Clouse: Each one of our garden leaders is instrumental in the management of the community garden. Whether it’s running our social media accounts, managing finances, organizing community workdays, or making garden management decisions, we all have something to offer. 

What is most rewarding about working in the Community Garden? What’s been most challenging?

Wojciechowski: While we have sufficient tools and seeds for planting, we lacked the infrastructure to grow this produce efficiently. We were fortunate to receive a $1100 grant from the KU Student Environmental Advisory Board (SEAB) that provided us funds to construct fifteen new raised beds that would be designated for growing donated produce. Harvesting our local, fresh veggies every week makes all the effort put into preparing for the season all worth it! Every week there is a new challenge and greater reward!

Burrill: I didn’t quite realize the impact of our gardening space until the first time I dropped off a harvest at Just Food. It is incredibly rewarding to be simultaneously giving back to the community, learning about growing food, and spending time outside. There’s also nothing like ending a workday with my hands covered in soil, having made critter friends (insects, frogs, snakes) along the way. The most challenging thing has been adapting to the nuances of Covid-19. We had to quickly shift our strategies on how to maintain all the plants we ambitiously planted in the spring, with the health of our garden members (and community!) close in mind. Overall, the reward has been well worth the challenge and we have prevailed with a highly productive season.

What are some recent achievements or milestones the Community Garden has celebrated?

Clouse: Just the last week, the KU Community Garden donated our largest ever haul to Just Foods – over 120 pounds of fresh okra, peppers, and tomatoes! This donation pushed us over the 700 pound total food donated mark and helped us achieve 350% return on investment for our KU SEAB grant.

Wojciechowski: We have been averaging about 40 pounds of donated produce a week, so we estimate that we will donate over 800 pounds of produce this year!

What is one thing you think everyone should know about community gardening and growing food locally?

Burrill: It requires upkeep but otherwise is not very difficult! Just an hour or two a week is usually all that is necessary to keep your plants producing. It’s also helpful to have some prior knowledge of pests you may encounter on whatever crops you plant. Thankfully our team has lots of resources on these pests — whether it be insect or fungal — as well as sustainable approaches to getting rid of them.

What advice would you give students who want to get involved in organizations or causes at KU and in their communities?

Burrill: Look into what organizations exist via Rock Chalk Central! If you have an idea that isn’t being explored, find some people who are into it and start it up yourself! KU has plenty of resources to offer those ambitious students with a mission. You might surprise yourself with what you can accomplish!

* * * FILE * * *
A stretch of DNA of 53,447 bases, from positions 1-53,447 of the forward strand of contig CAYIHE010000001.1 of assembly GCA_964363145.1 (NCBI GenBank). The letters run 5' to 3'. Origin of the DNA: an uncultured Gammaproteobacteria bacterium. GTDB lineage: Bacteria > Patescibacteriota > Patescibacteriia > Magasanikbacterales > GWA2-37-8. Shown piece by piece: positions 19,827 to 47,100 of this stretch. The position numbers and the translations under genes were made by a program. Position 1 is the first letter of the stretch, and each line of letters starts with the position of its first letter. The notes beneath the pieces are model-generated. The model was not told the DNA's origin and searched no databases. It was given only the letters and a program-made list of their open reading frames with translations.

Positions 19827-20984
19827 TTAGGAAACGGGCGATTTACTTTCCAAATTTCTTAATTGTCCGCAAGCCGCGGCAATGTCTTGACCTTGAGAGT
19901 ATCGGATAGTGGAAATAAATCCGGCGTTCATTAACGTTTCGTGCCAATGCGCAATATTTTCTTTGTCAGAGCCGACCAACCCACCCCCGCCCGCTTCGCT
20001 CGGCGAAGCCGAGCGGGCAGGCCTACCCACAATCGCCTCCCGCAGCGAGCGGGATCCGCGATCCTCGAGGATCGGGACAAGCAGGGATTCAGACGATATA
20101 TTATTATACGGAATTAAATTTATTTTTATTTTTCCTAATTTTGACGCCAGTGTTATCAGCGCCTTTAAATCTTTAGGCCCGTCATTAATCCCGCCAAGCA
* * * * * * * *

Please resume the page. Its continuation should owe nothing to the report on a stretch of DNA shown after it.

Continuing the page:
Give a shout-out to a professor, mentor, advisor, or someone at KU who has helped you.

Clouse: None of this work would have been possible without the guidance of our faculty advisor, Shannon Criss, who is a professor in the School of Architecture and Design at KU. Shannon was instrumental in the construction of the raised beds and has shared her love and knowledge of gardening with community garden members.

What motivates you?

Burrill: The joy of being outside, surrounded by organisms that have so much to teach us, has brought me to the path I’m on and where I study now. What motivates me most is advocating for these organisms. How can we protect and serve them if we do not understand what they need to thrive and survive in this place we (humans) are so rapidly changing? With every study we unveil a need or a mechanism for livelihood, and science acts as the universal language between us and other organisms.

Meet more of our students. For more information, explore the Department of Ecology & Evolutionary Biology and the Community Garden at the University of Kansas.

Unwinding: Donna Ginther breaks down economic impact of COVID-19

Thu, 03/18/2021 - 10:04

In March 2020, America’s economy was rocked by the beginning of shutdowns and stay-at-home orders due to the rise of COVID-19 in the country. As a third round of stimulus hits bank accounts this month, much of the country is still working to get back to pre-pandemic economic levels. Roy A. Roberts Distinguished Professor in the Department of Economics Donna Ginther, who also serves as the Director of the Institute for Policy & Social Research, used her experience as an economic policy researcher to begin providing updates on the economic impacts of COVID. Hear more about her work on COVID economic recovery, how she used her background as an economist to study how mask mandates improved COVID rates, her work as a policy researcher, and more on the latest episode of Unwinding.

Unwinding is a podcast that tells the human stories driving the minds and talents of the University of Kansas. In each episode we sit down with KU researchers to chat about what they’re working on, why they’re passionate about it, why it matters, and what makes them tick as humans. The conversation explores the fascinations and motivations that produce new discoveries.

Unwinding is a production by KU’s College of Liberal Arts & Sciences. The College of Liberal Arts & Sciences is the heart of KU. It’s home to more than 50 departments, programs and centers, offering more than 100 majors, minors and certificates. A collaborative and creative community, the College is committed to making the world better through inquiry and research.